IEEE members seeking to upgrade their skills in several of the latest technologies can now take four new online courses being offered by the IEEE Communications Society (ComSoc) Training program. They cover big data, communication satellites, the Internet of Things, and Wi-Fi.
Each course is taught in real time by industry professionals so that attendees can participate and ask questions. Registration is now open.
“Everything we teach in ComSoc Training is designed with the technical professional in mind,” says Marilyn Catis, certification and professional education manager for the IEEE Communications Society. “Our instructors are experts in their fields and are able to draw from case studies and real-world experiences.”
THE COMPLEXITIES OF WI-FI
Wi-Fi may be ubiquitous these days, but how well do you understand how it works? The Introduction to Wi-Fi class, being held on 11 November, will help fill in any gaps.
“Wi-Fi is not just one technology,” says the instructor, Daniel Wong, an IEEE senior member and wireless certified professional. Wong is also coeditor of A Guide to the Wireless Engineering Body of Knowledge. He points out that many people may find it difficult to differentiate among the components of the Wi-Fi family, including its various standards, which include IEEE 802.11a, 802.11b, and 802.11n. This class will bring some clarity to that alphabet soup,” he jokes.
The course will address such topics as the differences among the various Wi-Fi and cellular technologies, Wi-Fi’s physical and media access control layers, and networking and security. It will also look at the most recent developments in Wi-Fi and what they mean for engineers. “With the recent trends of cellular systems’ moving towards more interoperability and access through other wireless links, even cellular wireless professionals need to really understand Wi-Fi,” Wong says.
The course costs US $250 for IEEE members and $300 for others.
BROADBAND BY SATELLITE
IEEE Life Member Bruce Elbert will lead a course on 2 December focused on high throughput satellites (HTSs), which operate in a range from 10 to 30 gigahertz to provide broadband services. He is the president of the satellite consulting firm Application Technology Strategy, LLC, in Georgetown, Texas. “This isn’t a well-understood field unless you work in it,” Elbert notes. “By taking this course, you’re getting a current take on the technology while also getting a look at what’s next.”
The course will cover the technologies used to provide broadband access on aircraft and shipping vessels, in vehicles, and to fixed locations such as buildings that can’t use fiber connections. The class will go over HTS system architectures and their components, including the design of multibeam satellites, end-user antennas, terminals, and capacity. It will also address strategies for HTS implementation. “This is a thorough but practical course for engineers wanting to put such a system together and for companies that want to become players in the field,” Elbert says.
The course costs $250 for members and $300 for others.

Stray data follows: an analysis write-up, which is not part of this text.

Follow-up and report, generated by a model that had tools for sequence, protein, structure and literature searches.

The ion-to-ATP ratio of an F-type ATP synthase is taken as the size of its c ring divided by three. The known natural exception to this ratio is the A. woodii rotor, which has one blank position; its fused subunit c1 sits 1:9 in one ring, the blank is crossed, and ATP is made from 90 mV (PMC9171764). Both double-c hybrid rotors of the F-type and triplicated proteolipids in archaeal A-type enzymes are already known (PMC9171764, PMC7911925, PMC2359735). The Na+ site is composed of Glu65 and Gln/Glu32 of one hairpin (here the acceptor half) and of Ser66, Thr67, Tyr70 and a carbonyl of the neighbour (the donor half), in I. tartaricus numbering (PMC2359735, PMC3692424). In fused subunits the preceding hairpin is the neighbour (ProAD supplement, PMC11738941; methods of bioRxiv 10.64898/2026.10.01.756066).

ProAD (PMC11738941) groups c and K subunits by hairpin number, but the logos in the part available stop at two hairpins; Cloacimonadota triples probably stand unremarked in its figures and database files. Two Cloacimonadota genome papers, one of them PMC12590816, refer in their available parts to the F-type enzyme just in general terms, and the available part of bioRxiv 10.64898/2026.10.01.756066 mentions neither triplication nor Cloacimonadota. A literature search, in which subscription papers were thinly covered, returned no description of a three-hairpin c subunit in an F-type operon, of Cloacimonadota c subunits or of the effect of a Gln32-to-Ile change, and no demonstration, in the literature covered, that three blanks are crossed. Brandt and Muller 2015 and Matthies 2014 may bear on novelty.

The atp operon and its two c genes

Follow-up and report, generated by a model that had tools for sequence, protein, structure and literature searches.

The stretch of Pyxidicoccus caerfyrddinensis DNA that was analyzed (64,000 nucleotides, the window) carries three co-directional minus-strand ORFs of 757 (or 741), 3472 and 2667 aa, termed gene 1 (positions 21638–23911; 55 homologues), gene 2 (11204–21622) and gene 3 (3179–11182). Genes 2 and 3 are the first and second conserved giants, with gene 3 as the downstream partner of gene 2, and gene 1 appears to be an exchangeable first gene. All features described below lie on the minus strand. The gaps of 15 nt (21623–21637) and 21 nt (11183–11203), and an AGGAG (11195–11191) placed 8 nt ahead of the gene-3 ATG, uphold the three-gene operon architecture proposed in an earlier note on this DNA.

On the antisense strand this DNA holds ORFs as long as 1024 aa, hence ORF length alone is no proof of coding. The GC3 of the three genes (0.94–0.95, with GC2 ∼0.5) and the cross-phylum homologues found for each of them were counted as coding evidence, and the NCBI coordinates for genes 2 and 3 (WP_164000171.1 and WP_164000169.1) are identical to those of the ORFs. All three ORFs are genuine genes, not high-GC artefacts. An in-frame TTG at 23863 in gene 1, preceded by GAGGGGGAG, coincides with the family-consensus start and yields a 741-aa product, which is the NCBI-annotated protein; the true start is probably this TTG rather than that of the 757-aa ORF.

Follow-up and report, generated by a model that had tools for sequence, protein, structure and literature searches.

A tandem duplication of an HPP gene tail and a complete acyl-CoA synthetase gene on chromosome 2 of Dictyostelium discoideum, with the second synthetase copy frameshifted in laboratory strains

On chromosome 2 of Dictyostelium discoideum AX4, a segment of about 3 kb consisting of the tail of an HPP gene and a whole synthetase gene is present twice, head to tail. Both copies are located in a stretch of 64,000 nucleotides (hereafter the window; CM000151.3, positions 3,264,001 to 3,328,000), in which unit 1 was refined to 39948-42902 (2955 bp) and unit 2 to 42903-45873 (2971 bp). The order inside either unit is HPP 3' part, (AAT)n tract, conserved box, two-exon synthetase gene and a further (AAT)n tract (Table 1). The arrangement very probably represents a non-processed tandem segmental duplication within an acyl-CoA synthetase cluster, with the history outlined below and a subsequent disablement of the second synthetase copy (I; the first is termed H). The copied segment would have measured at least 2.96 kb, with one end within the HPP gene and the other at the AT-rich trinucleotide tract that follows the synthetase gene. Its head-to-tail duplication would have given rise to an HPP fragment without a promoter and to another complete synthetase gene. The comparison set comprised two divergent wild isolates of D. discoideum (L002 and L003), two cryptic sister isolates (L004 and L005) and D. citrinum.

A two-day course on big data and its role in the telecommunications industry will be held on 5 and 6 December. It will be an introduction to the basic concepts related to big data, including storage, management, and visualization. The classes will be given in a conference room at the IEEE Global Communications Conference (GLOBECOM), in San Diego, and streamed live.
“I am teaching this course to start a dialogue between the communities of data computing and telecommunications,” says instructor Amarnath Gupta, a research scientist at the San Diego Supercomputing Center. “The technologies now used for big data have matured and are being applied to real-world problems in every discipline.”
The class will show telecommunications professionals how to apply big-data techniques in their work. It will also look at future applications of big data, including those for smart cities. The course costs $950 for members, $1,000 for others.
THE INTERNET OF THINGS
IEEE Senior Member Lee Vishloff, a wireless systems expert, will examine the complexities of using wireless for the Internet of Things (IoT) in a half-day course on 27 January 2016.
“Lots of people are busy working on the development of the IoT,” Vishloff says, but he notices that most of them have a background in software and building applications. “I often find the wireless background is weak.”
Vishloff’s course will provide an overview of IoT basics, including the role of RF and antennas. It will also outline the differences among the various Bluetooth, cellular, Wi-Fi, and ZigBee standards. The course will provide an understanding of how the various elements of IoT networks perform in the real world. “Lots of decisions made in hardware and software design will affect how devices will operate,” he says. “This course will give people the information they need to know so they can start researching and developing IoT applications on their own.”
The fee is $125 for members and $150 for others.
Participants earn continuing education units for completing these courses—the amount varies according to the length of the class—and each unit is the equivalent of 10 hours’ worth of continuing education instruction. They also receive a recording of the event and the class materials.
The ComSoc Training program also offers a host of other classes, covering topics such as 5G and long-term evolution—better known as LTE—technologies.